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Florida Senate, Superintendents Envision Big Testing Changes


A Florida Senate education committee seems open to big changes in the state’s testing and accountability scheme. After years of ramping up the testing infrastructure,  lawmakers are questioning whether they’ve gone too far.

In Florida, standardized tests determine school and district grades, student retention and promotion and teacher pay. Wednesday a group of Florida district superintendents told lawmakers they believe tests not required by the federal government can be eliminated. That would be most of the state’s end-of-course exams.

“Despite an increase in standardized test scores, what we continue to hear from business and industry and our friends in post-secondary, is that our students are not being successful there," says Okeechobee Superintendent Ken Kenworthy.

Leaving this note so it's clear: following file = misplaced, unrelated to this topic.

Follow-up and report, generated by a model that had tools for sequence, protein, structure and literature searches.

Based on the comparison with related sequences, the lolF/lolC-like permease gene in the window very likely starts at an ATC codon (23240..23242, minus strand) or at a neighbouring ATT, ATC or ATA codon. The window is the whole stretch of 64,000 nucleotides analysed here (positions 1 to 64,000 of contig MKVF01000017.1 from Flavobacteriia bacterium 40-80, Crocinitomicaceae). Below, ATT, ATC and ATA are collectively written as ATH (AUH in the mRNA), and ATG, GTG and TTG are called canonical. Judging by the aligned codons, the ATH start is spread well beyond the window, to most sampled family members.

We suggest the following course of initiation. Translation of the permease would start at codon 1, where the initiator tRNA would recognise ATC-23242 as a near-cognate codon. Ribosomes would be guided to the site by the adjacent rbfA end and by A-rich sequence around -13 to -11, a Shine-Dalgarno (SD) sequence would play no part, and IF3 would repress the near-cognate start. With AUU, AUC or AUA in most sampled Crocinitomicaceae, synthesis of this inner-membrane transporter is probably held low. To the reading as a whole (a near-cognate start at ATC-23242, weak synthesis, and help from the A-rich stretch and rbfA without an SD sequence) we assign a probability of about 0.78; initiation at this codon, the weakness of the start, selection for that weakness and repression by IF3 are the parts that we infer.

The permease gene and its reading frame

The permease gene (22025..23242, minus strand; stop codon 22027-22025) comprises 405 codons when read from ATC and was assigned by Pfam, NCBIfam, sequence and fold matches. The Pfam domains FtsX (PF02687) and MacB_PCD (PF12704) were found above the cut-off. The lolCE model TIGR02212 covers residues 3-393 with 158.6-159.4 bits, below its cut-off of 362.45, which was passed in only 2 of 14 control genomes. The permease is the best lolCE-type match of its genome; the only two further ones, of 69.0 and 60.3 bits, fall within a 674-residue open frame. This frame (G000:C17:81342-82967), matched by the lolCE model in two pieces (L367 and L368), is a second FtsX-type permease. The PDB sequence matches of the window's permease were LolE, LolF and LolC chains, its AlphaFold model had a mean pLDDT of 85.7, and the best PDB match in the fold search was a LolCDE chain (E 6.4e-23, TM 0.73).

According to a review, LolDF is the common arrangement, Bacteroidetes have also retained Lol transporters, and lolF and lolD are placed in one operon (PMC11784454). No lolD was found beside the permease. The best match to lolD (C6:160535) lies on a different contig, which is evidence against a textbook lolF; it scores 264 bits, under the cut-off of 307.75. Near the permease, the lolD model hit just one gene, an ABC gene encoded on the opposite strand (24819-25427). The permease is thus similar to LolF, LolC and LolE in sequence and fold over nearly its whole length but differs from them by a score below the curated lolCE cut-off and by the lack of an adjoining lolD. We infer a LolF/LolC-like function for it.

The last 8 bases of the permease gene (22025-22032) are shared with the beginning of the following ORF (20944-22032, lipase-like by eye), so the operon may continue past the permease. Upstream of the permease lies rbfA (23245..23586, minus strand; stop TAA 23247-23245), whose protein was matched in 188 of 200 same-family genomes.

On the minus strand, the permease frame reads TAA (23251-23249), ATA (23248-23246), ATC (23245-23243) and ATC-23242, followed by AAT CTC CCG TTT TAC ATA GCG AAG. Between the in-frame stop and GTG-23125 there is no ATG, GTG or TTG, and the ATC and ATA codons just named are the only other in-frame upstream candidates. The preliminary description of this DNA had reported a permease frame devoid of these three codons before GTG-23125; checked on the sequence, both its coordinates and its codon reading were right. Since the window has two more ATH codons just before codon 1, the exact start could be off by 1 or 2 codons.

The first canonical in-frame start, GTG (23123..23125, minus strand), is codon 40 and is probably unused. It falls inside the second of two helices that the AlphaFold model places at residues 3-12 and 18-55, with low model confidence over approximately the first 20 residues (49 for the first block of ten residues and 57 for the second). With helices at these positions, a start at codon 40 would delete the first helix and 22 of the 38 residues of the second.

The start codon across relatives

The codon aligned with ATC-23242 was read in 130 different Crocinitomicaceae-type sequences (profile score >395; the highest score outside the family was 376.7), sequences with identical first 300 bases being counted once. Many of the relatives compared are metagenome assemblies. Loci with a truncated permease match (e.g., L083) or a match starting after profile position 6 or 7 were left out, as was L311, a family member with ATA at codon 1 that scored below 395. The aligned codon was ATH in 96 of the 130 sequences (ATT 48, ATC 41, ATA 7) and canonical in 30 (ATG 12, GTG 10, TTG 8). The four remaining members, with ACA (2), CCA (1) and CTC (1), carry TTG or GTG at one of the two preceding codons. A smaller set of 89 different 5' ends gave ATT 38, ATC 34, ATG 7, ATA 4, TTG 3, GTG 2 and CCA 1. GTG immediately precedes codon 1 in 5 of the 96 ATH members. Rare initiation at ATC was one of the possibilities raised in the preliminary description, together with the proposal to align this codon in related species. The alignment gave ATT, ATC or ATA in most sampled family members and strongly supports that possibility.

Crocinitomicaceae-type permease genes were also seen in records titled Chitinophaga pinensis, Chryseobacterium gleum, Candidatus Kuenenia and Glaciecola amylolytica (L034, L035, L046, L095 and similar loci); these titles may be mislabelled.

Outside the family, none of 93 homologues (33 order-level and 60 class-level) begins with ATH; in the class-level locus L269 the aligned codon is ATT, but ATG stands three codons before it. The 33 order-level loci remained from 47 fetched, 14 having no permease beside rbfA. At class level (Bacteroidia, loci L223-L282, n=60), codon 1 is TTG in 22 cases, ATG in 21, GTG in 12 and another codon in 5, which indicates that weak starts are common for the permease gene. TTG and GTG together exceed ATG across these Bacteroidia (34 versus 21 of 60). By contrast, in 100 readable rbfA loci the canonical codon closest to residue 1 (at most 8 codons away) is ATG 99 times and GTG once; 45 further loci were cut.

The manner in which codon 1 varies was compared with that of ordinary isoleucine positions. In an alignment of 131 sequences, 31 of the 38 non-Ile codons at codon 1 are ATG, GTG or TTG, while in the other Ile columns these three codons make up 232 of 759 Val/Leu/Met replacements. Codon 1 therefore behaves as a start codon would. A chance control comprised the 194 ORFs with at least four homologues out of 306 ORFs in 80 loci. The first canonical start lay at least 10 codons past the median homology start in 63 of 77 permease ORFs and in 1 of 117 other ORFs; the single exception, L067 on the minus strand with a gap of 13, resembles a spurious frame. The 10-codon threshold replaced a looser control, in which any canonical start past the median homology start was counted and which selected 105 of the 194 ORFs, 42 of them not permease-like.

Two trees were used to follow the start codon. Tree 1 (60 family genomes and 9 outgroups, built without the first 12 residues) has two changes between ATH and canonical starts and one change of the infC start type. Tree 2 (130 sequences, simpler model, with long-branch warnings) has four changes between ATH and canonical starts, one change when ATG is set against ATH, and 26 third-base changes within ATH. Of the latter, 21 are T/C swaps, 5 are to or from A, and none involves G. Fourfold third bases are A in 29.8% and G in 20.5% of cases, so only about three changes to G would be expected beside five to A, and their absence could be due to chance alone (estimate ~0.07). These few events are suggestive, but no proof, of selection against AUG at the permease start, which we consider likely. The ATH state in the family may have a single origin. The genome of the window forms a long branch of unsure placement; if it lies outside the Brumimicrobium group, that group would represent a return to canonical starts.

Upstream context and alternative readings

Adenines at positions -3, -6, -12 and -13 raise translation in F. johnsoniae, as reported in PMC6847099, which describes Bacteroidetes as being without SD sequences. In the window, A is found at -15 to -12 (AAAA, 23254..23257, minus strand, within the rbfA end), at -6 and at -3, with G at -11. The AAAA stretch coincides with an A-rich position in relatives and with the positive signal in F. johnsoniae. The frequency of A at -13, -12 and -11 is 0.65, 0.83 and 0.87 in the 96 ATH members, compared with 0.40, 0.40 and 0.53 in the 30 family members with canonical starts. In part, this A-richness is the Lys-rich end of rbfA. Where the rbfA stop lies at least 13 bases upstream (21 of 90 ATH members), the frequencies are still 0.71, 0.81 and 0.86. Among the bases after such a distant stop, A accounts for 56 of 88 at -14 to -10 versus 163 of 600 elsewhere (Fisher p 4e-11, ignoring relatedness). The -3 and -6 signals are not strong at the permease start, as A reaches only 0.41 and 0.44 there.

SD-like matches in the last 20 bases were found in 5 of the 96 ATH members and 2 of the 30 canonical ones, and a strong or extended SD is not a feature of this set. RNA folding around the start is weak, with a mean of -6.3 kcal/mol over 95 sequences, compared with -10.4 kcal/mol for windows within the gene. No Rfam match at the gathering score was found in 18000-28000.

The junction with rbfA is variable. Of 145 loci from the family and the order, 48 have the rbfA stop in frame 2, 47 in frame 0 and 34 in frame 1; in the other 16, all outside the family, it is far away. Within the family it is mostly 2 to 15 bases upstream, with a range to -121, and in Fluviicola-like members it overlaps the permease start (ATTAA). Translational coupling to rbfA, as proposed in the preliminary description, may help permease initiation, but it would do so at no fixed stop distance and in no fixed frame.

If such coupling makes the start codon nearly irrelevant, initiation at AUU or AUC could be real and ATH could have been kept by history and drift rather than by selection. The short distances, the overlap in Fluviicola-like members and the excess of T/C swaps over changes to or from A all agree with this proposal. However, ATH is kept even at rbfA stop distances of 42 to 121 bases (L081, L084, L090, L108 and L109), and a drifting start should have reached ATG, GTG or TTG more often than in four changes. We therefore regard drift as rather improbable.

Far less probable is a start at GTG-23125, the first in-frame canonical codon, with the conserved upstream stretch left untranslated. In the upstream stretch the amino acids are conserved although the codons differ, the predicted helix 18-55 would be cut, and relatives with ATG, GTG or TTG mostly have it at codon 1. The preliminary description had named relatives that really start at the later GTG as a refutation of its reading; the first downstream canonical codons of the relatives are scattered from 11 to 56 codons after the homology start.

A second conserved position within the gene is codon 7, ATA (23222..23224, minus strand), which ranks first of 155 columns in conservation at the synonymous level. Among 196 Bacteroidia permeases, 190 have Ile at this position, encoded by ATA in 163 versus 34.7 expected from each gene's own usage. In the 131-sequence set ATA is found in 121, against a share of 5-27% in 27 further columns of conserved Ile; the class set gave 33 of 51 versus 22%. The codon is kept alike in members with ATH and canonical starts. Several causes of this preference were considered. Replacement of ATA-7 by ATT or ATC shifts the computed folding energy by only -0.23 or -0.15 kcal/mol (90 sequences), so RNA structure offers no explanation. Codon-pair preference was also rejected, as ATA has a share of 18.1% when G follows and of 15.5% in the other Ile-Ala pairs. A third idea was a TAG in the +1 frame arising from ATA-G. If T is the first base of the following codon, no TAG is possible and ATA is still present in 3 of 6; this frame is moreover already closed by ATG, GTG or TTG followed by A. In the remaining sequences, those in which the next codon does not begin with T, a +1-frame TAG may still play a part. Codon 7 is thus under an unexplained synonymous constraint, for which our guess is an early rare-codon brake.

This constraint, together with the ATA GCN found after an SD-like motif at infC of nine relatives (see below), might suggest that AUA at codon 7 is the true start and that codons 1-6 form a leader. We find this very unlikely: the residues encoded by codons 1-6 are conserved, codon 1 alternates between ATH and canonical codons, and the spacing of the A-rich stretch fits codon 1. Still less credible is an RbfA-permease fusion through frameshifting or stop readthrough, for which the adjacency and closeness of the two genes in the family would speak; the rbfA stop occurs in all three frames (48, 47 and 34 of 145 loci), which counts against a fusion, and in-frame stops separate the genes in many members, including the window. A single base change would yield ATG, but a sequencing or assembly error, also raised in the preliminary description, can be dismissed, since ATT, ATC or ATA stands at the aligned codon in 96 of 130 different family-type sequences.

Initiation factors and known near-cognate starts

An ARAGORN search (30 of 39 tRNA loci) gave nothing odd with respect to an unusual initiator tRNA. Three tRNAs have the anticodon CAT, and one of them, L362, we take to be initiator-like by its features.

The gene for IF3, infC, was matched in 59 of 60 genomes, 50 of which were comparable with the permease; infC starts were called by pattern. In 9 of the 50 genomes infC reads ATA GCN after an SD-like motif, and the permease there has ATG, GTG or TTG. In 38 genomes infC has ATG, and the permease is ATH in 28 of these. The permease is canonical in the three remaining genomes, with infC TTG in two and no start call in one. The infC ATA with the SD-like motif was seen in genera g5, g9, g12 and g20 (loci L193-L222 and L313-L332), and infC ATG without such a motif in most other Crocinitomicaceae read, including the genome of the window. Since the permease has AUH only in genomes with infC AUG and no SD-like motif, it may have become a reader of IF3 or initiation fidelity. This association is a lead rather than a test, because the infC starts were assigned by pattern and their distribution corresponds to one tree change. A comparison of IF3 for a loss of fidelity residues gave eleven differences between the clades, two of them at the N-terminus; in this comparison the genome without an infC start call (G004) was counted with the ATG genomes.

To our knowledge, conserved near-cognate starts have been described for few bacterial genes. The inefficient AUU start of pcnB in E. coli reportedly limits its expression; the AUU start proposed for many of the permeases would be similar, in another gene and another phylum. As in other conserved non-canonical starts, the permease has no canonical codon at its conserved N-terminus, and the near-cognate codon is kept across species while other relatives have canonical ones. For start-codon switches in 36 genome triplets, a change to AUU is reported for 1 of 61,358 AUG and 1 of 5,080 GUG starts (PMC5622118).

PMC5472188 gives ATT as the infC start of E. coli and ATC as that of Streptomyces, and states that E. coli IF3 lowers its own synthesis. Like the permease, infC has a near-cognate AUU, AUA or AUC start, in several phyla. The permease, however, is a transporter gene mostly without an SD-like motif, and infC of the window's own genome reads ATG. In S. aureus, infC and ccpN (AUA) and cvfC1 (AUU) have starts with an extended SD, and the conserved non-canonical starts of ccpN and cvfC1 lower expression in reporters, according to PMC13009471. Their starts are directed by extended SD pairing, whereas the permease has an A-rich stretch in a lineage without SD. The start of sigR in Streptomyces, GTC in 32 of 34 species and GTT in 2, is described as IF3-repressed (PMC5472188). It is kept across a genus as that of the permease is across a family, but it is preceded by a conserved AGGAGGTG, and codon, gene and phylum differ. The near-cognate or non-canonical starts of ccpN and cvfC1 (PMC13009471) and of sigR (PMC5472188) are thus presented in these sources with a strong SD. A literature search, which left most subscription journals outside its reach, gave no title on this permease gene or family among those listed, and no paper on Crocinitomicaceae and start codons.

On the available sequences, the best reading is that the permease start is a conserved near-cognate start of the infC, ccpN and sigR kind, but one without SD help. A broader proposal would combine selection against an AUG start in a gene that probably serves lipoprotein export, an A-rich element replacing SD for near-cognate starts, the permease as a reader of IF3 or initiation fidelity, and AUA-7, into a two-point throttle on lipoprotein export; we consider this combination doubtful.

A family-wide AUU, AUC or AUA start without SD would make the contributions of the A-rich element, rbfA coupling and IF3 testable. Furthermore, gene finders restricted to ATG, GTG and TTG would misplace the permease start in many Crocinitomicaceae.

District superintendents want to go back to using paper and pencil exams, finding alternatives to certain tests and returning control of teacher evaluations back to districts. The committee’s chairman, Senator David Simmons of Maitland, is calling for more reductions in the state’s testing system.

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Lynn Hatter is a Florida A&M University graduate with a bachelor’s degree in journalism. Lynn has served as reporter/producer for WFSU since 2007 with education and health care issues as her key coverage areas.  She is an award-winning member of the Capital Press Corps and has participated in the NPR Kaiser Health News Reporting Partnership and NPR Education Initiative. 

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